Okudzeto calls for dissolution of National Cathedral Board of Trustees, closure of Secretariat 

Okudzeto Ablakwa (middle)

Mr Samuel Okudzeto Ablakwa, the Member of Parliament of North Tongu, has called for the immediate dissolution of the Board of Trustees and the closure of the Secretariat of the National Cathedral for failure to effectively execute their mandate.

He said the Government must also give full account on what happened to the $58,141509.52 (GH¢740 million), which was supposed to be used to commence construction works on the Cathedral and why the contractors, RIBADE JV, abandoned the project for lack of payment two years ago.

The National Democratic Congress Legislator said this on Wednesday when he led some colleague Minority members, the media, security personnel among others to satirically “commission” the National Cathedral Project, even before it was completed, as a symbolic gesture to highlight government’s perceived failure to finish it.

However, enroute from the Parliament House to the project site at Ridge, the members had a confrontation with some personnel of the Military and the Ghana Police Service, who had mounted barricades restricting access to the premises. 

Mr Ablakwa explained that on Thursday, July 29, Mr Ken Ofori-Atta, during his presentation of the 2021 Mid-year Budget Review to Parliament, announced that the Cathedral would be officially commissioned on March 6, 2024. 

“Mr Ofori-Atta told Parliament that work on the Cathedral was progressing speedily and would be ready for commissioning in March 2024.” 

Mr Ablakwa, therefore, expressed dismay over the “misuse” of the tax-payers money and called for the Board of Trustees and the National Cathedral Secretariat to account for all private donations so far received. 

“…All those responsible for this gross financial loss to the state must be prosecuted with immediate effect,” he said.

He demanded an explanation from President Akufo-Addo on his inability to fulfil his promise to God to commission the “$450 million (GH¢5.7 billion) Cathedral as scheduled for March 6, 2024.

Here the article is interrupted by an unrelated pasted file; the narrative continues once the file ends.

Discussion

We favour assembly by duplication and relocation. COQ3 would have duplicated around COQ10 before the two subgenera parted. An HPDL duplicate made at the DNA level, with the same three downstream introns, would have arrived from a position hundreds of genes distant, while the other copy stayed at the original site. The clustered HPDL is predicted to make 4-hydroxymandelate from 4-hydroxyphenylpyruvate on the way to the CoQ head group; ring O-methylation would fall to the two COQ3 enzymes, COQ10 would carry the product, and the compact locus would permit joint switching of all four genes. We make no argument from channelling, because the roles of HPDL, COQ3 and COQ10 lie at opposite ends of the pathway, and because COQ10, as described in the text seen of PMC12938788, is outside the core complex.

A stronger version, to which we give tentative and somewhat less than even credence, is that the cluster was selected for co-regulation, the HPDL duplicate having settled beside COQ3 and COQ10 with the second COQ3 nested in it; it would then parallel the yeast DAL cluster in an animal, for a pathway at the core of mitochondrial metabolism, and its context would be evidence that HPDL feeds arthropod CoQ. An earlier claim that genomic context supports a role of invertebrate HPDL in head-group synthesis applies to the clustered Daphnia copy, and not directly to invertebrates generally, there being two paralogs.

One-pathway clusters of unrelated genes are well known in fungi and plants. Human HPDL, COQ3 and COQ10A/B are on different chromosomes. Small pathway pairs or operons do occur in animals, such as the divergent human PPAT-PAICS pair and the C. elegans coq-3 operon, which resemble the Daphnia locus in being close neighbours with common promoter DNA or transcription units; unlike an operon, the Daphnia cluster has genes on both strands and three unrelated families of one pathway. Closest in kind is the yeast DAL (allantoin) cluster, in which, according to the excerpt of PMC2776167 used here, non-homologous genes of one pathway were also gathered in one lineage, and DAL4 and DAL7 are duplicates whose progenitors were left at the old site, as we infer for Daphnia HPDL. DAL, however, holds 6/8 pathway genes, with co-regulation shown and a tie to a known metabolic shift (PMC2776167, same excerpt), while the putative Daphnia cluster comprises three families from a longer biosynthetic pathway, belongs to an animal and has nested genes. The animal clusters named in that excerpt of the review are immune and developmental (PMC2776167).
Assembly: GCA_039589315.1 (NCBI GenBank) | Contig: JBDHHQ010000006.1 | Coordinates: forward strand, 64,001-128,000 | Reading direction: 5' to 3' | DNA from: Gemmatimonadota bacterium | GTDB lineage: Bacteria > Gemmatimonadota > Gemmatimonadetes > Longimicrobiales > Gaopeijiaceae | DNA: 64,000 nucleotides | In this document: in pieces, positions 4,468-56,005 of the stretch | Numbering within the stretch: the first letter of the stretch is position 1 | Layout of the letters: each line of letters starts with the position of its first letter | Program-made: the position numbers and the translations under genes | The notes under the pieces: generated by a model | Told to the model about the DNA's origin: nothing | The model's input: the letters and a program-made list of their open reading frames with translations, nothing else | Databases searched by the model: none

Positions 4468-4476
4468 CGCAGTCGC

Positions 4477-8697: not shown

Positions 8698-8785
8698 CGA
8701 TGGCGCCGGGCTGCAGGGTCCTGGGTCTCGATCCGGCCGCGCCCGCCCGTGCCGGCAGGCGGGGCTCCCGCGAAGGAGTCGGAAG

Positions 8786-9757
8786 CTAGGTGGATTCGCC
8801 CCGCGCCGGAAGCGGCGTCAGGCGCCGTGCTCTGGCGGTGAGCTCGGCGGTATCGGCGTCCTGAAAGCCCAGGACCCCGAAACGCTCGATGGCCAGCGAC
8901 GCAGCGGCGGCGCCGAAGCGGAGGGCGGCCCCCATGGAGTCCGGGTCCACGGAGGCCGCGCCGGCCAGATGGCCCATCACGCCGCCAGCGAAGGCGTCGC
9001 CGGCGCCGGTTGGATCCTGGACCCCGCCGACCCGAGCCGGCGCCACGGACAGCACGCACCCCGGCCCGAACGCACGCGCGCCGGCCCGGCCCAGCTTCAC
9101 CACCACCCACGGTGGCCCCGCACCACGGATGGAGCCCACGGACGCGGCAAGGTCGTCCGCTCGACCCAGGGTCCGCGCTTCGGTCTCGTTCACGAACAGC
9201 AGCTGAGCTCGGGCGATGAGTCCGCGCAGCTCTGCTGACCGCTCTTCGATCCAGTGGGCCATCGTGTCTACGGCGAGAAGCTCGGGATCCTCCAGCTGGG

He called for a national debate leading to a possible consensus on the next plans to be taken on the project.

“Some have suggested a specialist children’s hospital, which Ghana currently lacks, we also note that recently the Secretary-General of the Trade Union Congress, Dr Anthony Yaw Baah suggested the place be converted to a hospital,” he said. 

The National Cathedral project was proposed by the government in March 2017 as a physical embodiment of national unity, harmony, and spirituality, the design of which was unveiled by the President in March 2018.

At the time, the President said the “construction was a fulfilment of a promise he made to God in the run-up to the general election in 2016.”

The $100-million inter-denominational Cathedral is expected to have an auditorium capable of seating 5,000, as well as chapels and a baptistery. 

The site would also house a music school, an art gallery, and a museum dedicated to the Bible.

The project, which was designed by renowned architect David Adjaye, later received criticisms from the public who perceived it was “a misplaced priority.”

The criticisms heightened when the Government had to demolish some state property, including accommodation for judges at a prime area in Accra, to pave the way for the construction of the Cathedral.  

Source: GNA

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